Within that space however, is the opportunity to individualise a patient’s treatment. For instance, I have a bipolar patient who gets highly agitated on benzos, can’t take antidepressants and while lithium helps, there is little room to adjust this due to gastrointestinal side effects. Managing her depressive states is different from another bipolar patient where those restrictions don’t apply.

I’d also say “extreme” psychopharmacology is the exception, but those are the ones I remember most because I’ve also had to think about them more. If I only have to switch someone’s SSRIs this happens fairly regularly and there’s little to worry about so it’s not going to register.

OTOH, if a patient doesn’t respond to multiple trials, various augmentation strategies, TCAs, ECT etc – and I have organised a second opinion for a MAOi then I’m not forgetting anytime soon. Those are patients I’m likely to have known for a long period, so would also have a good idea about whether a MAOi is suitable. Other considerations like if there’s a level of impulsiveness and they’re prone to increasing their doses versus being more cautious, or are they able to stick with the dietary restrictions are going to factor into the decision making process but these aren’t things you’ll read about in any treatment algorithm.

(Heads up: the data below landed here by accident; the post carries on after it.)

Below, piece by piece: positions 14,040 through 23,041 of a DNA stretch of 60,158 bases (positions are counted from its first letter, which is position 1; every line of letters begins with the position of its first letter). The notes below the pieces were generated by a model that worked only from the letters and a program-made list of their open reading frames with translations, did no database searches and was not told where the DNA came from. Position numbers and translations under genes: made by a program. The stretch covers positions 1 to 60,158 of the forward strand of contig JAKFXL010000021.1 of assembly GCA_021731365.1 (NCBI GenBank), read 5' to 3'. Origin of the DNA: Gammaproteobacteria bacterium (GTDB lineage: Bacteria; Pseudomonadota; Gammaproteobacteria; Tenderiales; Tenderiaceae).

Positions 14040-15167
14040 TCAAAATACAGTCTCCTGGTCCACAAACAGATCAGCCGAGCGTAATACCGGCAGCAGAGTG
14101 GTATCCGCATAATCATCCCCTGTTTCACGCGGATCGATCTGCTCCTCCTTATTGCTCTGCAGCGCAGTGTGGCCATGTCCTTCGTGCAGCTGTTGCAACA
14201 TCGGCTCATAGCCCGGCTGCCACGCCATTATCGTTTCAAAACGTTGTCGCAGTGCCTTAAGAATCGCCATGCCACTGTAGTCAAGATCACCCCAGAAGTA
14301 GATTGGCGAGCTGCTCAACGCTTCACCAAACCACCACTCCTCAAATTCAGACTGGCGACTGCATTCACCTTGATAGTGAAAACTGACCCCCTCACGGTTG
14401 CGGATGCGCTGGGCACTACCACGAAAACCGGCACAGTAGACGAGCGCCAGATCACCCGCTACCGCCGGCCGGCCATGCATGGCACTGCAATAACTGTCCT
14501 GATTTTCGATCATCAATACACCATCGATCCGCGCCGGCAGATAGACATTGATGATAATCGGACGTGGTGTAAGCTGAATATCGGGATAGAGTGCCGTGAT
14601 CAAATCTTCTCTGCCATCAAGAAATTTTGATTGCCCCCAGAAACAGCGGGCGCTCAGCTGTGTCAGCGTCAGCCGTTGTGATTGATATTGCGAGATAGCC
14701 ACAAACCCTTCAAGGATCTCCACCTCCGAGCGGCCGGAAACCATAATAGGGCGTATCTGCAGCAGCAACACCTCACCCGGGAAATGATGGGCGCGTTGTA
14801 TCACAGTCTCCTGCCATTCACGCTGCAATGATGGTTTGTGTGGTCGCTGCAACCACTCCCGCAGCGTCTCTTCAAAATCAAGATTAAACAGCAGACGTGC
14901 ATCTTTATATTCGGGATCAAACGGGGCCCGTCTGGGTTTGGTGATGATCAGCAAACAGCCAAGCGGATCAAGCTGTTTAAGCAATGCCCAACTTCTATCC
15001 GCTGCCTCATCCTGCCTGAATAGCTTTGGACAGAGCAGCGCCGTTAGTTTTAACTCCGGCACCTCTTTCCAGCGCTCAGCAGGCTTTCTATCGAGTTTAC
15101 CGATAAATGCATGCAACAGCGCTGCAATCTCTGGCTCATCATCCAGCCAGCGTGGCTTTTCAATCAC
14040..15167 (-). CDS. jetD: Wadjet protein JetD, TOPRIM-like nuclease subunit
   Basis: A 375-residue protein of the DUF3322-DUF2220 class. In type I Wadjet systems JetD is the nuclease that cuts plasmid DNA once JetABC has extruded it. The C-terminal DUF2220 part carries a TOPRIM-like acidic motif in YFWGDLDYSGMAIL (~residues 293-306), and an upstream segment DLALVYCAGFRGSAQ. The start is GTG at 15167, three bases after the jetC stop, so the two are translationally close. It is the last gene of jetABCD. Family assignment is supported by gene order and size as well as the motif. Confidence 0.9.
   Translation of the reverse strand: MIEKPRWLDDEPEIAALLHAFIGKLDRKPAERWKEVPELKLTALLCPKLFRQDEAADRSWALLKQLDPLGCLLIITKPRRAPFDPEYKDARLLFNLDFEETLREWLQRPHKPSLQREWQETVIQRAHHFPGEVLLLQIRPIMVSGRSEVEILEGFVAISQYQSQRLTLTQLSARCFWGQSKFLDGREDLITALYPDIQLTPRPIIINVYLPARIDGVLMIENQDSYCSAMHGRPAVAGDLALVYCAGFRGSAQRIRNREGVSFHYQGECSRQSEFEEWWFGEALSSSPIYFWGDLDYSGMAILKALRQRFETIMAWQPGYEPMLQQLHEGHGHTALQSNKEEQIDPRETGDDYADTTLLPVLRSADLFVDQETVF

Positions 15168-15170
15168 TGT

Here we have some practitioners who utilise “professorial” doses (Eg. venlafaxine 600mg/day) and on occasion I have sought their opinions on tricky cases that haven’t responded in an expected way. Amongst my peers these figures can be controversial, with some feeling it is only their academic reputation and status that lets them get away with such practices. The one I work with only accepts referrals from other psychiatrists.
 

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Hello!

Thank you very much for your thoughtful response! It’s greatly appreciated. I’m currently a sophomore undergrad, so maybe I shouldn’t be asking/trying to decide this late in my college career (haven’t even started the years-long pre-med pathway, although I’ve been taking some of the courses already just in case). But these responses are extremely informative so maybe it’ll help my indecision out.